The classic saying ‘what goes in, must come out’ couldn’t be truer for compressed air. You can invest in a compressor with the strictest specification but that won’t guarantee you quality, clean compressed air.

Remember that manufacturers test their products in controlled environments. So unless you also control external factors you may not be able to achieve the quality of air promised.

The air around us is not only a mixture of gases but contains water vapour, dust, pollen and bacteria. In an industrial environment the ambient air is likely to have higher levels of oil particles, depending on the proximity of the compressed air system to other processes.

For example, Direct Air have previously visited a site near to a major motorway. They had also placed their compressor house next to the factory’s vehicle loading bay, so exhaust fumes were entering the system. This was causing contamination to the final product and damage to the compressed air system.


Any environment which is not 100% sterile can impact the quality of your compressed air. The air will remain the same quality following compression, unless the air is treated!

So, how do we remove unwanted substances from our compressed air?


Filters work in compressed air systems to separate the air particles from contaminants. Different filter types should be used throughout the system, as particles come in different sizes and no single filter is efficient for the entire particle size range. The most difficult particles to separate are between 0.1μm and 0.2μm.

Coalescing filters are probably the most important purification equipment in the system. They can remove oil and water aerosols to very low levels, as small as 0.01 micron. And with an activated carbon filter, oil can get reduced to 0.003 mg/m3.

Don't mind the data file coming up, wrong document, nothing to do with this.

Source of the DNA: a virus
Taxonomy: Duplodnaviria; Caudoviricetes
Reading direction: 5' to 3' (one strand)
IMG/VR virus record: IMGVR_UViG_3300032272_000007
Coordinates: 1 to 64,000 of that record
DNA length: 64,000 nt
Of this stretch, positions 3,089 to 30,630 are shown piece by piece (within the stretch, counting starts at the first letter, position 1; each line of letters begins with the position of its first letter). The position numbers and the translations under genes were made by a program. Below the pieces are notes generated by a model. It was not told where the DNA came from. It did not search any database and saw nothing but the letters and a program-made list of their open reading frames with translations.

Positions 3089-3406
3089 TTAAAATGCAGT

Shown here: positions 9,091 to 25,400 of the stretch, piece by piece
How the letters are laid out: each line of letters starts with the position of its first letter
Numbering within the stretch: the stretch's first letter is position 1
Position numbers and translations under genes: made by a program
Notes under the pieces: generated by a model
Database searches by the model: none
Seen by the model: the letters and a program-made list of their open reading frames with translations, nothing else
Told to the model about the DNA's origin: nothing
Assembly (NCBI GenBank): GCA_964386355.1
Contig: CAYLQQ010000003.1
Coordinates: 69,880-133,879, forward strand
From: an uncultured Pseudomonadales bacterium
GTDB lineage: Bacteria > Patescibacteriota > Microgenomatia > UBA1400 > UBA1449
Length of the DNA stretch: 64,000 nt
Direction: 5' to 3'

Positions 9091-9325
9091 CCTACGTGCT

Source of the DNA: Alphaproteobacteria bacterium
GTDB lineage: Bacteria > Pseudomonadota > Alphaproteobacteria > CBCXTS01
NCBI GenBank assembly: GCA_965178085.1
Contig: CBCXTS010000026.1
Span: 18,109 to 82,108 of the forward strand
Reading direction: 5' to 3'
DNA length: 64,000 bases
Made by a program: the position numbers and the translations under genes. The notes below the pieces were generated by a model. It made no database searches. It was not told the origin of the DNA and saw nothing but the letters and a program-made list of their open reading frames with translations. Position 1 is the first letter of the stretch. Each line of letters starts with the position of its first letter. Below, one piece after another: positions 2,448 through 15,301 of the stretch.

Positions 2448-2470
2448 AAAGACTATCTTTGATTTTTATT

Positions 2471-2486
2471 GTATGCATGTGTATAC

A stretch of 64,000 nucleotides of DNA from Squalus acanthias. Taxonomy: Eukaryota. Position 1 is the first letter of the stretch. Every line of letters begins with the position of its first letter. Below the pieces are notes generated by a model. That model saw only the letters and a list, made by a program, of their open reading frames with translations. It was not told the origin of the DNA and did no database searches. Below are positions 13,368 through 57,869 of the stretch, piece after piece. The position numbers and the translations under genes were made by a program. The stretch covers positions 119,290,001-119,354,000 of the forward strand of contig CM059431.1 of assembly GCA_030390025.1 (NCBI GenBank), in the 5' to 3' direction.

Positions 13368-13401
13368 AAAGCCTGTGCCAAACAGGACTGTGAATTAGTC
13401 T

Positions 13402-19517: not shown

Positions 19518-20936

Following compression, compressed air gets very hot to anywhere between 70 and 200°C! An after-cooler tends to get placed directly after the compressor. It not only lowers the temperature, but also reduces the water content. This removes most of the condensation away from the system as soon as possible. This now tends to get included as standard in compressor installations and can be either water or air cooled.


Dryers reduce the moisture levels below the point where condensation can occur later in the system. Typically, a refrigerated dryer would be used as this removes water by cooling the air to near freezing temperature. For even dryer air, a desiccant dryer reduces water content by absorbing the water with adsorbent desiccant material.

It needs to be noted that refrigeration and absorption dryer remove water vapour, not water in liquid form. So, coalescing filters get installed in front of them in the compressed air system.

Water separator

If the water separator is correctly sized, it can achieve up to 90% efficiency in separating condensation from the compressed air.

It’s important to first understand the level of air quality required for your system. You can then determine what combination of air treatment solutions suit your applications.